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Brave Robyn needs your 'thoughts and prayers'


Robyn in hospital

Robyn in hospital

Robyn in hospital

A little girl who has cheated death on several occasions, as she bravely battled cancer for the past nine years, has suffered a worrying setback.

Robyn Smyth (12), from Whitehall in Dublin, has been battling neuroblastoma since the age of three.

Robyn was given a 20pc to 30pc chance of surviving when she was first diagnosed.

Her mum, Bernadette, discovered a lump on Robyn's face - and a scan showed it was a tumour that had protruded through her jaw bone.

Following years of treatment, Robyn went into remission, but the cancer returned in 2013 and at various times since, with it showing up in her spine, pelvis and legs.



Robyn, on right, with her mum Bernadette and sister Millie

Robyn, on right, with her mum Bernadette and sister Millie

Robyn, on right, with her mum Bernadette and sister Millie

It was when her chances of survival dropped to 5pc that her family decided to fundraise to take her to the US and Helen DeVos Children's Hospital in Michigan, but so far it has cost hundreds and thousands of euro.

Plucky Robyn - who made her Confirmation earlier this year - was on a routine hospital visit last week due to low blood pressure.

Doctors at Our Lady's Hospital for Sick Children, in Crumlin, found she was seriously ill, with fluid around her heart.

"Positive thoughts and prayers [are] needed right now," said Bernadette.

"Robyn feels well but was admitted… due to low blood pressure and high heart rate. She never fails to try and smile through all of this.

"Their first concern was that these are the early symptoms of sepsis, and sepsis is serious.

"Robyn had an echo test and that's when they discovered she had a pericardial effusion [water in the sac around her heart]. We don't know how this happened. We don't have all the answers.

"Doctors took her into theatre for urgent surgery yesterday and put a drain in.

"Last January, Robyn almost died having what should have been a routine procedure, so we are obviously nervous.

"I explained to Robyn about the drain, she was scared but OK with it once she was [put] to sleep. They took out 160ml of fluid, which looked like blood, but it has been sent off to be tested and hopefully that will give us more answers.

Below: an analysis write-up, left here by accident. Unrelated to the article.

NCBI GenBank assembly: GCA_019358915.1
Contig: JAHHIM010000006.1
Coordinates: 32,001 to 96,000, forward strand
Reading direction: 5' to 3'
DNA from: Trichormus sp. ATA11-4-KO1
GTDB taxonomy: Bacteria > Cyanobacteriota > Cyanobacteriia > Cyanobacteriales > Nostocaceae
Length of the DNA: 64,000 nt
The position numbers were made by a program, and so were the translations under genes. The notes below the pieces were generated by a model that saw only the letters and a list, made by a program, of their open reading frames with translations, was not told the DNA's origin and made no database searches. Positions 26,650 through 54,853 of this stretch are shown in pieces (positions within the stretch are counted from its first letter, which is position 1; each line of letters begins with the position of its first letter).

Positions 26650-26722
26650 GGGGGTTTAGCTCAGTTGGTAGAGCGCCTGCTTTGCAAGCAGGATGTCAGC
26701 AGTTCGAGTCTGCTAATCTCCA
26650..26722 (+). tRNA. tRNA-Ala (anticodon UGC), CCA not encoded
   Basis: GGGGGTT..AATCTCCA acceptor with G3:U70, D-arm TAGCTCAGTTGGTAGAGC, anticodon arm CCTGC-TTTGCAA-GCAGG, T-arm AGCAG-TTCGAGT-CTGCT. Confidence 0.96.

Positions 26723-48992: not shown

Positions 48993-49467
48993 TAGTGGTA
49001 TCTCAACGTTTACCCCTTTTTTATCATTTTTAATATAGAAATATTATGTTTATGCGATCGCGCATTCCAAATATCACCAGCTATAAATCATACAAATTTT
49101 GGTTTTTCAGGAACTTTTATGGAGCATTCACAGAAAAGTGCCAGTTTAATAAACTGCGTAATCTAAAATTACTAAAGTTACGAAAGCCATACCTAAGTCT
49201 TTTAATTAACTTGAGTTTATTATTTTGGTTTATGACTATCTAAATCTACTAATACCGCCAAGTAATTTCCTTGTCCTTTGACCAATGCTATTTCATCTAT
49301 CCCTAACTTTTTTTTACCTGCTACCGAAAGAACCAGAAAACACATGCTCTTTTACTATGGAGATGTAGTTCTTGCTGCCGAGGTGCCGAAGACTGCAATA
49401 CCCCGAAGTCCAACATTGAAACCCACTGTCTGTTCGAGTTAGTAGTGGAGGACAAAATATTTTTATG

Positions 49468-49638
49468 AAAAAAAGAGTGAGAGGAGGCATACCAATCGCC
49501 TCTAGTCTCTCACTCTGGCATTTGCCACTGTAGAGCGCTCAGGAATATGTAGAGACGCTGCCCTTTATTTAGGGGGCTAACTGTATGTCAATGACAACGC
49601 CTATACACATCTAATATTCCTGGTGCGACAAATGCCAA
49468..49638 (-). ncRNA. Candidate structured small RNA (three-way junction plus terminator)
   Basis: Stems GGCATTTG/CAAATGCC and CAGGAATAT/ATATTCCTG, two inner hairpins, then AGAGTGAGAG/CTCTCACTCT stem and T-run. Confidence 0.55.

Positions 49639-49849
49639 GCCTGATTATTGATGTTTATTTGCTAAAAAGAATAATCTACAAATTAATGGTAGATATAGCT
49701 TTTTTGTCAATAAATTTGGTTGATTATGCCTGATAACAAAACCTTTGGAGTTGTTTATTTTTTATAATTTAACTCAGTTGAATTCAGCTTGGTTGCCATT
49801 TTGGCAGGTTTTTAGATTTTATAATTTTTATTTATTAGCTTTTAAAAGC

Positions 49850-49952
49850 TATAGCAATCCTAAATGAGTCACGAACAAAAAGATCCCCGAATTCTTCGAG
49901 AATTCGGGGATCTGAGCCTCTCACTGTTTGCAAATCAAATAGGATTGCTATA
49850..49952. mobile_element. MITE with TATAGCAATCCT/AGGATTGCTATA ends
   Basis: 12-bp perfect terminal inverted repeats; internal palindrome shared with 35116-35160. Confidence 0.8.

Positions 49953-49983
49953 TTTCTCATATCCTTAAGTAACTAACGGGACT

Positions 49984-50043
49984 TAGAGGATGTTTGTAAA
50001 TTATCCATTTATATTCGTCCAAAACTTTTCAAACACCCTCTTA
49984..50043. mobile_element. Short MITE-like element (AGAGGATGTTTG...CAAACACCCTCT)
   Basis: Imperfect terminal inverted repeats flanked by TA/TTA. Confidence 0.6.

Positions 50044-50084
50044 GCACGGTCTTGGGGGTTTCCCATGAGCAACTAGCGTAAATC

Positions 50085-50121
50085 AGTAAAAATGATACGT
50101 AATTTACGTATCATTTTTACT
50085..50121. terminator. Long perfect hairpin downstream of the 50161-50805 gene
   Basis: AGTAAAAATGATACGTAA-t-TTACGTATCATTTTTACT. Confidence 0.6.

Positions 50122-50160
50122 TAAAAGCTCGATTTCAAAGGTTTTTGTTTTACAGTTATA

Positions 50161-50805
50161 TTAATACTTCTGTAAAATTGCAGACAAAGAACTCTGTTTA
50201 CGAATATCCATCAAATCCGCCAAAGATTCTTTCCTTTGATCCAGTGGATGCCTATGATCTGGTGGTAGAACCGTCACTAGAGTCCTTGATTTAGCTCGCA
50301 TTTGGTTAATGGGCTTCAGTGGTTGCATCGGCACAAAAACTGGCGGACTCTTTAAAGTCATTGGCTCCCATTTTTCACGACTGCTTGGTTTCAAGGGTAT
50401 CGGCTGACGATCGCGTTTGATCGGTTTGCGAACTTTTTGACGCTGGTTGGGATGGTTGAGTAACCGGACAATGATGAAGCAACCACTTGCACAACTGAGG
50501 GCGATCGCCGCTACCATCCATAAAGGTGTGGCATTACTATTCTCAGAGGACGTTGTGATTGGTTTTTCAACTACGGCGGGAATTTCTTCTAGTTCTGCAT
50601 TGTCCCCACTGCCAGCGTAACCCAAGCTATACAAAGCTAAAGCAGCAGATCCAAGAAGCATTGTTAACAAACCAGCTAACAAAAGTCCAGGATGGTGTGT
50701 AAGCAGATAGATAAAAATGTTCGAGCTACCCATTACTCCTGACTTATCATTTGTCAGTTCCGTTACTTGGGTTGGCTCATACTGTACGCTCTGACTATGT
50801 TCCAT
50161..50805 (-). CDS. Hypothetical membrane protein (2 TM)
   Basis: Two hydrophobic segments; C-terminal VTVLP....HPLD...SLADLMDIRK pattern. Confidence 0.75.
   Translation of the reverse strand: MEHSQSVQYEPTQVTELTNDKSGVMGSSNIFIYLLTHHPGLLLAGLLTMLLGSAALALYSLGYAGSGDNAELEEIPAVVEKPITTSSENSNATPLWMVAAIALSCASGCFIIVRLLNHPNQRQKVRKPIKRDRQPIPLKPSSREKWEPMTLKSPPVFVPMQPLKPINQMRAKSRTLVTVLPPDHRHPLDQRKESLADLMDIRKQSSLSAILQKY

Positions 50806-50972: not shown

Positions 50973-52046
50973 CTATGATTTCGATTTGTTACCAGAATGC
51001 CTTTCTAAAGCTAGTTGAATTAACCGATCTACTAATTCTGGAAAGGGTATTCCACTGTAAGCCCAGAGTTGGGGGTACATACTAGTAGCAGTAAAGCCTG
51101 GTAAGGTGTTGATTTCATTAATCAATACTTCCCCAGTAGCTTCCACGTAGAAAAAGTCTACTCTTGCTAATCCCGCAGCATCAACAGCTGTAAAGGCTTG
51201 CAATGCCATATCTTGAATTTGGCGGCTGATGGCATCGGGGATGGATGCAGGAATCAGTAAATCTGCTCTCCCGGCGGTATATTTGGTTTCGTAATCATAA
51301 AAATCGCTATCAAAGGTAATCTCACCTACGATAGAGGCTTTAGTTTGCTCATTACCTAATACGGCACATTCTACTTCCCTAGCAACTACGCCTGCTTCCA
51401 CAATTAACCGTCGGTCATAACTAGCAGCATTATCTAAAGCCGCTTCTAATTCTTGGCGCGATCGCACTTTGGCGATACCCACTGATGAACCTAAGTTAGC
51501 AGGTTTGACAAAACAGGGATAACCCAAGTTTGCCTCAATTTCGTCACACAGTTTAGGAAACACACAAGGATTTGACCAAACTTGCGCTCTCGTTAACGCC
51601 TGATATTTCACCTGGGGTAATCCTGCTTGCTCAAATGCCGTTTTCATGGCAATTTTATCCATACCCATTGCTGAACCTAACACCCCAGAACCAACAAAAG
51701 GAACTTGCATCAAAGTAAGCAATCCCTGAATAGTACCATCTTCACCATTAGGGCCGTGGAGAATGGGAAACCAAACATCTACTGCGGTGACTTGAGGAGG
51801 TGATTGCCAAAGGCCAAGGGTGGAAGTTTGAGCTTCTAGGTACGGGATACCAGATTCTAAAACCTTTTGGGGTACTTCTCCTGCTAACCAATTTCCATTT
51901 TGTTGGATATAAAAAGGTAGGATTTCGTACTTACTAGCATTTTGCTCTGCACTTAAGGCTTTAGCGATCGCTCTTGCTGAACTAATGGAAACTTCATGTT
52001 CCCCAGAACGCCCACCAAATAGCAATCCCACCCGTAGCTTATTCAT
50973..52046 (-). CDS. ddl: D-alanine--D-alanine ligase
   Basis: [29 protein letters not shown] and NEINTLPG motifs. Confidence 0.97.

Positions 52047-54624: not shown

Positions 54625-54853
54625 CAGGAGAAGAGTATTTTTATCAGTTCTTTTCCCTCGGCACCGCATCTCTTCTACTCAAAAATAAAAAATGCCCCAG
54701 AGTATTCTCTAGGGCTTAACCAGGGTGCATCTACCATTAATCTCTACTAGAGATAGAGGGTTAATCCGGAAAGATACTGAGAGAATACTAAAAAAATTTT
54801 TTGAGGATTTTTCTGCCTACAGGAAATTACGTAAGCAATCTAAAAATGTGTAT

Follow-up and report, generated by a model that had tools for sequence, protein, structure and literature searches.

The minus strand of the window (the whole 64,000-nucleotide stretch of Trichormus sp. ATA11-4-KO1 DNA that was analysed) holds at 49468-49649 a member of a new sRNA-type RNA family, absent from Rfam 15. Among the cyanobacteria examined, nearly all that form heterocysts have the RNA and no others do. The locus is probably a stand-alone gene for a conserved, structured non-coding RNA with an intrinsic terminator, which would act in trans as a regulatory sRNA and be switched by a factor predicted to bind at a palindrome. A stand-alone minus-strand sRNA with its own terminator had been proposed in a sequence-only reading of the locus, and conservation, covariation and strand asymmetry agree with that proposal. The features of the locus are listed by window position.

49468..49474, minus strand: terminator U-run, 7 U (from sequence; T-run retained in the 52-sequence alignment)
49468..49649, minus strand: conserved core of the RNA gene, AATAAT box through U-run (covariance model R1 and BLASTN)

"The cause of the fluid could also be that she is so underweight and malnourished. This is a huge concern with Robyn, so we are doing our best to get on top of that," she added.

"We are scared right now because we feel Robyn is defenceless against her disease. All meds have stopped and Robyn will not be able to have any treatment until we get her a bit stronger.


"We are hoping the neuroblastoma remains stable while getting all this under control.

"I have hope and I will not give up. I know it's possible to get her back on track and get her into remission. I'm always thinking ahead but we have to.

"If Robyn gets into remission we need to be able to get her on the next available trial that is having good success with keeping kids in remission.

"This is our goal. Getting her clear and doing everything we can to keep her that way.

"Robyn has been travelling to America since 2015. I'm so grateful to everyone who donated and volunteered on numerous charity events for this, because without this help Robyn wouldn't get these opportunities.

"We need to be ready when Robyn gets clear. We need to have the funds available for the next trial. Please keep helping. We love Robyn so much. Her fight is our fight."

Donations can be made to robynslife.com or gofundme.com/robynslife.